I have heard of Anzac and was aware of it’s importance to Australians. I also had some idea that there were connections to the Gallipoli landings, but being here I thought it important to find out more…..
The meaning of ANZAC
ANZAC stands for the Australian and New Zealand Army Corps.It was formed in 1915 and disbanded in 1916 following the Allied evacuation of the Gallipoli peninsula.
What is ANZAC Day?
Anzac Day is Australia’s national day of remembrance commemorated on 25th April.
The date was first marked in 1916 by ceremonies in Australia, a march through London, and a sports day in the Australian camp in Egypt. For the remaining years of the war the day was used as an occasion for patriotic rallies and recruiting campaigns.
During the 1920’s the 25th became the a national day of commemoration for the 60,000 Australians who had died during the war. In 1927 every Australian state observed some form of public holiday and by the mid-1930’s all the rituals of the day had been established; dawn vigils, marches, memorial services, reunions and two-up games.
The Second World War saw the commemoration extended to cover the additional Australian lives lost and in subsequent years it was broadened further to include all those lost during military operations.
The Origins of ANZAC
In 1915 Australian and New Zealand soldiers formed part of the allied expedition that set out to capture the Gallipoli peninsula in order to open the Dardanelles to the allied navies. The ultimate objective was to capture Constantinople, the capital of the Ottoman Empire, an ally of Germany.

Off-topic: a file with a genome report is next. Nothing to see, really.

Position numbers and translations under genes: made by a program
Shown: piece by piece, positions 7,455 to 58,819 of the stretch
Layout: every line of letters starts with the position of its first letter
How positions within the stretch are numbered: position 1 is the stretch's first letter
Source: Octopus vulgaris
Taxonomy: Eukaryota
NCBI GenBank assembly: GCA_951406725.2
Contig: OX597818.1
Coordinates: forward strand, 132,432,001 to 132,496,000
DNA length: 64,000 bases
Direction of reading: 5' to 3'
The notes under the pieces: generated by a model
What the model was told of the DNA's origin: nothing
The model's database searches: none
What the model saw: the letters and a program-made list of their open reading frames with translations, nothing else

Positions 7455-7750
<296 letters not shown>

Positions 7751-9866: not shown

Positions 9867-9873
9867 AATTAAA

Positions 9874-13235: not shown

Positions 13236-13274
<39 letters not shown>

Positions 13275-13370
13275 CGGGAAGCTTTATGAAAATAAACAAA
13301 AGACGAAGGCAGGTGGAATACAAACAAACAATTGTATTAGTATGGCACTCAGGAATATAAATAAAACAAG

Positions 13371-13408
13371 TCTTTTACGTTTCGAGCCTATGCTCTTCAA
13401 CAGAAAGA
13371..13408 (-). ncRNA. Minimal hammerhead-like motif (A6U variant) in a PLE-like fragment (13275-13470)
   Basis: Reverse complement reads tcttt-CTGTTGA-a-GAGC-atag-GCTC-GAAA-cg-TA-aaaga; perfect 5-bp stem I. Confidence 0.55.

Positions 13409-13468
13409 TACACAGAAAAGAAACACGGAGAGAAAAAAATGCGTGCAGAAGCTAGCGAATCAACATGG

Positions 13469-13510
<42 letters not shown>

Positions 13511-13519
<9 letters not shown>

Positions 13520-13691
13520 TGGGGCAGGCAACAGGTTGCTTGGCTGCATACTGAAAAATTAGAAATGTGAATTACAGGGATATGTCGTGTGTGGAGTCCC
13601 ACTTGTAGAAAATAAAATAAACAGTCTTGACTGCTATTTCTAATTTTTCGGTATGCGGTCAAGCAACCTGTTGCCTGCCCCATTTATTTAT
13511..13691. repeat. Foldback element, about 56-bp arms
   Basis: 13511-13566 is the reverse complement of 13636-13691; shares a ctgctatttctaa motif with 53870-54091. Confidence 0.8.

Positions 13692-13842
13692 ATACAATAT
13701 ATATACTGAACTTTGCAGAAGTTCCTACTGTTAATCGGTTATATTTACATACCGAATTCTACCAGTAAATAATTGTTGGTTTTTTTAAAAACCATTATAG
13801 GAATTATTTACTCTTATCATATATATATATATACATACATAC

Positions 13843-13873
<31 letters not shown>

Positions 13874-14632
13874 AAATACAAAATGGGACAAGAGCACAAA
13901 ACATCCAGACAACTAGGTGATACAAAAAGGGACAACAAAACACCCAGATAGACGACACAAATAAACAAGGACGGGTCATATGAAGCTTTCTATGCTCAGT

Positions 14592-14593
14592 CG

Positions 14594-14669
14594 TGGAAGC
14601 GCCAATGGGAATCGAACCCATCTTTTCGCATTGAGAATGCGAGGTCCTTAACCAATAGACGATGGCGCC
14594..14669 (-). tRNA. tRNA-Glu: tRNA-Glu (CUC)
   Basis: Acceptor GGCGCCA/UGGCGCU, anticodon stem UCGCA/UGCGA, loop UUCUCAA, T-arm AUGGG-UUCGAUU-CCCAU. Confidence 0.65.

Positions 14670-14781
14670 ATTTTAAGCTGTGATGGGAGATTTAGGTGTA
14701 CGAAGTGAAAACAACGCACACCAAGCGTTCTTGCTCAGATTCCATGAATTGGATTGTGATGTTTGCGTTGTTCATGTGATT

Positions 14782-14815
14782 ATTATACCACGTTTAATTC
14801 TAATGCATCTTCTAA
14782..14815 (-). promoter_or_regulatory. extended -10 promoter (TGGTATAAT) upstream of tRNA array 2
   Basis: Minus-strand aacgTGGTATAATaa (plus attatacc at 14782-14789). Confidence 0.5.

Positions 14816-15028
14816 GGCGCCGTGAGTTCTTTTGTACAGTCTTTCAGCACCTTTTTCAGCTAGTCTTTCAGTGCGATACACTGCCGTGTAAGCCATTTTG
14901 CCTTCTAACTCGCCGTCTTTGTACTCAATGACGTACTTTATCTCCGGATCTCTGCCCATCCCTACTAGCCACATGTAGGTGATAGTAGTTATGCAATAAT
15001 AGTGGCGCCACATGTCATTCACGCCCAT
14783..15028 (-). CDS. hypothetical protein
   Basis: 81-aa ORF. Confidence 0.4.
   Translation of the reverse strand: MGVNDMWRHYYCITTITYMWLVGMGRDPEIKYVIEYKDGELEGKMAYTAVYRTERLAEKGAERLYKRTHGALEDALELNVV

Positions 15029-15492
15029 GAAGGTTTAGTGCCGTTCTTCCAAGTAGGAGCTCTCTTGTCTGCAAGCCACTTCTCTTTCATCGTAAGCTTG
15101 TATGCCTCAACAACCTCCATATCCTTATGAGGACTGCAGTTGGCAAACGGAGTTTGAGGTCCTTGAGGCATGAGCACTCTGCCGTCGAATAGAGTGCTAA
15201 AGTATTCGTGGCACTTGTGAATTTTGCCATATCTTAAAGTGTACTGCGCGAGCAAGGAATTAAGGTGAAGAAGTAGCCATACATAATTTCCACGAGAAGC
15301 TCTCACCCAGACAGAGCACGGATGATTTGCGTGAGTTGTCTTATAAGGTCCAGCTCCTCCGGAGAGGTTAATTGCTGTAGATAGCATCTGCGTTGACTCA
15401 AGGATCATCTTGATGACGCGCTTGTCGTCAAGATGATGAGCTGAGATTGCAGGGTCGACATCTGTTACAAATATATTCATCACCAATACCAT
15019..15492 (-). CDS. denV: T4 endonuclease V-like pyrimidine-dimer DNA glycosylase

The forces landed at Gallipoli on 25 April, meeting fierce resistance from the Ottoman Turkish defenders. What had been planned as a bold stroke to knock Turkey out of the war quickly became a stalemate with the campaign dragging on for eight months. At the end of 1915 the allied forces were evacuated, after both sides had suffered heavy casualties and endured great hardships. Over 8,000 Australian soldiers had been killed. News of the landing at Gallipoli had made a profound impact on Australians at home, and 25th April soon became the day on which Australians remembered the sacrifice of those who had died in the war.
Digger is a military slang term for soldiers from Australia and New Zealand. Evidence of its use has been found in those countries as early as the 1850s, but its current usage in a military context did not become prominent until World War I when Australian and New Zealand troops began using it on the Western Front around 1916–17.
At the outbreak of World War I, Australia and New Zealand were both relatively “young” nations, with little exposure on the international stage. Deployed to Gallipoli in early 1915, the soldiers of both nations had a chance to prove themselves. Although the Gallipoli campaign resulted in heavy casualties and withdrawal for the Allies, the campaign became strongly linked with the emergence of national identity. Through the manner in which the soldiers endured the hardships of battle, the image that has become synonymous with the word “digger” embodies the qualities of “endurance, courage, ingenuity, good humour, and mateship”.
Two-up is a traditional Australian gambling game, involving a designated ‘Spinner’ throwing two coins or pennies into the air. Players gamble on whether the coins will fall with both heads up, both tails up, or with one coin a head, and one a tail (known as ‘Odds’). It is traditionally played on Anzac Day in pubs and clubs throughout Australia, in part to mark a shared experience with Diggers through the ages.
The following details have been provided by the NSW Government, Trade & Investment, Office of Liquor, Gaming and Racing:
Two-up is a gambling game in which coins are spun in the air and bets are laid on whether they fall heads or tails.
The game is regulated under the Gambling (Two-up) Act 1998 and may only be conducted on:
- Anzac Day (25 April in any year)
- Victory in the Pacific Day (15 August in any year), and
- Remembrance Day (11 November in any year but only after noon).
A permit is not required.
The only exception to this is Broken Hill, where two-up is played all year round under a special licence from the New South Wales Government.